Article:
Carlos Vela, Chicharito Come Full Circle to Star Together in MLS's L.A. Rivalry

Longtime friends and former Chivas prospects Carlos Vela and Chicharito will now feature on opposite sides of El Trafico, coming full circle after careers that began in Guadalajara and took them both to Europe.
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LOS ANGELES — You might have seen the old photographs from their youth team days at Chivas de Guadalajara in 2003. One of them shows Carlos Vela (then 14 years old) and Javier "Chicharito" Hernández (then 15) on a field together, so inconsequential that their uniform numbers are 125 and 101, their baby faces framed by glorious amounts of hair—and hair product. Another shows them in a team photo, Vela standing behind a squatting Chicharito, both of them wearing semi-fake tough-guy looks that everyone who was ever a teenage soccer player knows all too well.

Soccer is different from other pro sports. The presence of youth academies means that players who meet at age 14 can end up playing together into their 30s. Vela, now 30, and Chicharito, now 31, have done that with the Mexican national team, though their club careers diverged from those early days at Chivas. They both went to Europe—Vela at Arsenal and Real Sociedad; Chicharito at Manchester United, Real Madrid, Bayer Leverkusen, West Ham and Sevilla—before finally returning to North America.

Specifically, returning to Los Angeles, where Chicharito’s arrival with the LA Galaxy this week means he and Vela—the reigning MLS MVP with LAFC—will now be the biggest stars in one of the most heated club rivalries in the Americas.

Vela had no problem going down memory lane about those early days with Chicharito in Guadalajara–and looking ahead to what's in store in 2020 and beyond with both now not only in the same league but the same city. 

“It was a long, long time ago,” Vela told SI with a smile. “We were together at Chivas, with the youth team. I was 14, he was 15. And since then we’ve had similar careers in the sense that we went to Europe, then with the national team, the World Cup. So we’ve lived similar moments, and now that he comes here we’ll be sharing the city, and that hasn’t happened since being in Guadalajara.

“Now after many years, we’re more mature, with families, so it will be a different experience, but also a nice one,” Vela continued. “Obviously, it’s a positive thing to have people you like, that you admire, near you. And to be able to compete against him will help me to try and be better than him, and together we’ll push each other to reach a higher level.”

Carlos Vela and Chicharito are Mexico teammates and MLS opponents

The LAFC-LA Galaxy rivalry went to a fever pitch last season that culminated in LAFC’s victory over the Galaxy in the MLS quarterfinals, a game that spiked TV ratings and added to the culture that is making L.A. the epicenter of American soccer. But the vibe of the rivalry will change in 2020. It has to. There was a hard edge to the public statements about Vela and LAFC from ex-Galaxy star Zlatan Ibrahimovic, whose final act in MLS was to grab his crotch in front of LAFC fans as he left the field last October.

The buzz will still be there this year, but Chicharito doesn’t figure to make any personal attacks or do any crotch-grabbing. How big a change will it be in Vela’s mind to have Chicharito in a Galaxy uniform compared to Ibra?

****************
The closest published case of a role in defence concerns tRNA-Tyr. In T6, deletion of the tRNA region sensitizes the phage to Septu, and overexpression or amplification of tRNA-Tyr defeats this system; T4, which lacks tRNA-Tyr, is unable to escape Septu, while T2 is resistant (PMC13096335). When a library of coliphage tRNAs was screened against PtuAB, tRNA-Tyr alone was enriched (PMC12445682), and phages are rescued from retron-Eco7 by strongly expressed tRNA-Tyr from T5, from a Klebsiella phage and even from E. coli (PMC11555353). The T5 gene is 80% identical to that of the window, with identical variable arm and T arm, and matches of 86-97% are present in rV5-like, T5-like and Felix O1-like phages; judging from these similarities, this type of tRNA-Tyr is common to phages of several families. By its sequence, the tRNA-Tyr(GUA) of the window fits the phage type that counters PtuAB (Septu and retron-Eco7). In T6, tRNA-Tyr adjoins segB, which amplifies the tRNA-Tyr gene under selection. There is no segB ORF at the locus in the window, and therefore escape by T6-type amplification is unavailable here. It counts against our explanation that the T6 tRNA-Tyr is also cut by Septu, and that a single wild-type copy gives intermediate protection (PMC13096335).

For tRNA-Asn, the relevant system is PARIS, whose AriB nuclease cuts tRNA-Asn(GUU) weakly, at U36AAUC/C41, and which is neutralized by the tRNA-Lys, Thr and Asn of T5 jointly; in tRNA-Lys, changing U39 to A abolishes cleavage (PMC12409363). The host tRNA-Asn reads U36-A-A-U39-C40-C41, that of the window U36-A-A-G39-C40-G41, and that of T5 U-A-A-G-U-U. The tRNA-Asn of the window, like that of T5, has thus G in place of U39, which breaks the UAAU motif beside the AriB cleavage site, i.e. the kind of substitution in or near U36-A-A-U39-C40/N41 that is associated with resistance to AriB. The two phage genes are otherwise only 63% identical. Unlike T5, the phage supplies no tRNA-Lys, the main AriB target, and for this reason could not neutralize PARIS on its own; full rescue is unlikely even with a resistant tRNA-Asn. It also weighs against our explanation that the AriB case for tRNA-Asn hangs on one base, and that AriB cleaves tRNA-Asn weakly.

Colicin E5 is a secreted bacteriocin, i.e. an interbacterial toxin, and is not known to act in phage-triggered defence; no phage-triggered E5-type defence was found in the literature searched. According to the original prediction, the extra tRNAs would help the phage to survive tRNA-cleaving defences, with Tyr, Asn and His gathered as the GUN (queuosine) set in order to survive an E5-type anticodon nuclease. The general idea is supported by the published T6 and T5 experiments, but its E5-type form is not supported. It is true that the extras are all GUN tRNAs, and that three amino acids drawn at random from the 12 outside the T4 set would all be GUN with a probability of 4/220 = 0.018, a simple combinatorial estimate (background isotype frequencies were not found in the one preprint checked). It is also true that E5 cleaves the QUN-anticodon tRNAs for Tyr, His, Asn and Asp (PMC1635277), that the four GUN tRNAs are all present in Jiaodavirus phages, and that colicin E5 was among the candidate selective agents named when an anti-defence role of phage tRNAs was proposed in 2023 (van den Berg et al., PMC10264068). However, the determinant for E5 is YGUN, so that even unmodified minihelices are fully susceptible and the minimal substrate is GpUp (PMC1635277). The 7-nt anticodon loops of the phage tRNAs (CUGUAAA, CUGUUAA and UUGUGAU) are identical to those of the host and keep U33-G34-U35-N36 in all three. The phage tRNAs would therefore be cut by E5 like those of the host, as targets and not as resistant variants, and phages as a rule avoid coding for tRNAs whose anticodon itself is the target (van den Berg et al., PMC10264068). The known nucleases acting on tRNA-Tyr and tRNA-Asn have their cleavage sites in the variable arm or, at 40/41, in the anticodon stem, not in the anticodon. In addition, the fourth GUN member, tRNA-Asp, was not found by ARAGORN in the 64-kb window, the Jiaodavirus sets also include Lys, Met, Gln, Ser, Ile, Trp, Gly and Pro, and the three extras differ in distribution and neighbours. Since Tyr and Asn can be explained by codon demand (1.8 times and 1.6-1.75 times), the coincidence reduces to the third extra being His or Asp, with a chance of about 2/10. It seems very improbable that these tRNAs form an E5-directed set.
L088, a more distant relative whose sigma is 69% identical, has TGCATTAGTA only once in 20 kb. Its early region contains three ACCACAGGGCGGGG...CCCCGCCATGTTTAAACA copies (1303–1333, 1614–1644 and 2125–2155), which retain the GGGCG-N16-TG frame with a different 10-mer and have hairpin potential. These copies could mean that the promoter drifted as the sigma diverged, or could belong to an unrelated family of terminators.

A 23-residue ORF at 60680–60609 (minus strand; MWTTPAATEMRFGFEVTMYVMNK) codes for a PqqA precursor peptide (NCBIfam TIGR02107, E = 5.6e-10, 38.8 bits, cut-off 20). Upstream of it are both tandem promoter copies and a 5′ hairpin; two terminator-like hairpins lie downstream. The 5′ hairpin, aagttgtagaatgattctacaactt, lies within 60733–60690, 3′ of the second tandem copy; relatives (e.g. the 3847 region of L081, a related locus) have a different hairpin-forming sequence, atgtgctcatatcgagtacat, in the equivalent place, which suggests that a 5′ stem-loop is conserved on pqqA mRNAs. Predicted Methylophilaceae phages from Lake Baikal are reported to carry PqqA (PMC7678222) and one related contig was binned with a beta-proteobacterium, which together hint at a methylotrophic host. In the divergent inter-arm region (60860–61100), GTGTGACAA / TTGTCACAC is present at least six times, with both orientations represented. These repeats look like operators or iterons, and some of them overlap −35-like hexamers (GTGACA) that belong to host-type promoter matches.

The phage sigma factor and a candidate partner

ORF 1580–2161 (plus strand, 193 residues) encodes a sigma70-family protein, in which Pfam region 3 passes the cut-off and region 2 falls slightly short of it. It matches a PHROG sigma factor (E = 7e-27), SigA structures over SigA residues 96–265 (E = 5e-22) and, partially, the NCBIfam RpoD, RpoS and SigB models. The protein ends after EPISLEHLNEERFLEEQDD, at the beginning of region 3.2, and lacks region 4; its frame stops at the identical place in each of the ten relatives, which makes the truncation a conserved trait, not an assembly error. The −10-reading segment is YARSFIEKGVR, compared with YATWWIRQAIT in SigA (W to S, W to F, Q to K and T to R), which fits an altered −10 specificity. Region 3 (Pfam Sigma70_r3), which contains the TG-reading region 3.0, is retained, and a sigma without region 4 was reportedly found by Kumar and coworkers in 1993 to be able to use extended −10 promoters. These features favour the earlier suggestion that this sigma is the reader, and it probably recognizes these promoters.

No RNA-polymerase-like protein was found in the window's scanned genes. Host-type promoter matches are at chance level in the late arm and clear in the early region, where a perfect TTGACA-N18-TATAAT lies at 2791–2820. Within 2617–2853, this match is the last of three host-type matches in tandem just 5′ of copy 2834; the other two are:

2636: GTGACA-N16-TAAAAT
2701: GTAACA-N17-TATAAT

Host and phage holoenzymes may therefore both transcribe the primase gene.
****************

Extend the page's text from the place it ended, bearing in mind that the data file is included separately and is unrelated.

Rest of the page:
“Extremely,” Vela said. “I think they’re two very different people. But to me, one is not better than the other. Both motivate me to be better than them and to try and make my team the best in the city. So for me it’s always important to play against great players because it helps me grow and try to improve every day.”

Chicharito and Carlos Vela at the 2018 World Cup

But is it even possible for Vela to improve on his season in 2019? He scored an MLS-record 34 goals in the regular season and had 15 assists as well as LAFC blew away the competition in the regular-season standings. But it still sticks in Vela’s craw that LAFC lost at home in the MLS semifinals to Seattle, which went on to win the MLS Cup title.

“In this life anything is possible,” Vela said about his 2020 goals. “I come with this mentality, with the attitude to be better than last year. But the biggest thing is to be better as a group, because we have ended without the championship. And to me, it’s the most important title and trophy I’d like to have, and to help my team in order to get it.”

If you sit down with Vela’s LAFC coach, Bob Bradley, he’ll tell you that he had a similar approach in helping build his expansion team at LAFC to the way he helped build his championship-winning Chicago Fire expansion team back in 1998. The idea was to create an identity for the team that fit the city. In that way, you could make a rough comparison of Vela to Peter Nowak for the Fire in those days.

Ask Vela to describe the identity of LAFC, and he says this: “It’s a team that started from nothing. Every year it’s improved. We aim to play entertaining soccer, always looking to attack and score goals, and for people to enjoy it. I think that’s something the team has done. Our games are always entertaining with lots of goals, and we look at have a good time but also offer a good time. I think that’s something people are thankful for, and that’s why we have the fans that we have.

“I enjoy every moment here,” he added. “I like this city a lot. There are a lot of Mexican people, so I feel like I’m in my own country.”

Those Mexican people in L.A. now include Chicharito. And it’s Vela and his friend from childhood who may well be the defining topic of the 2020 MLS season.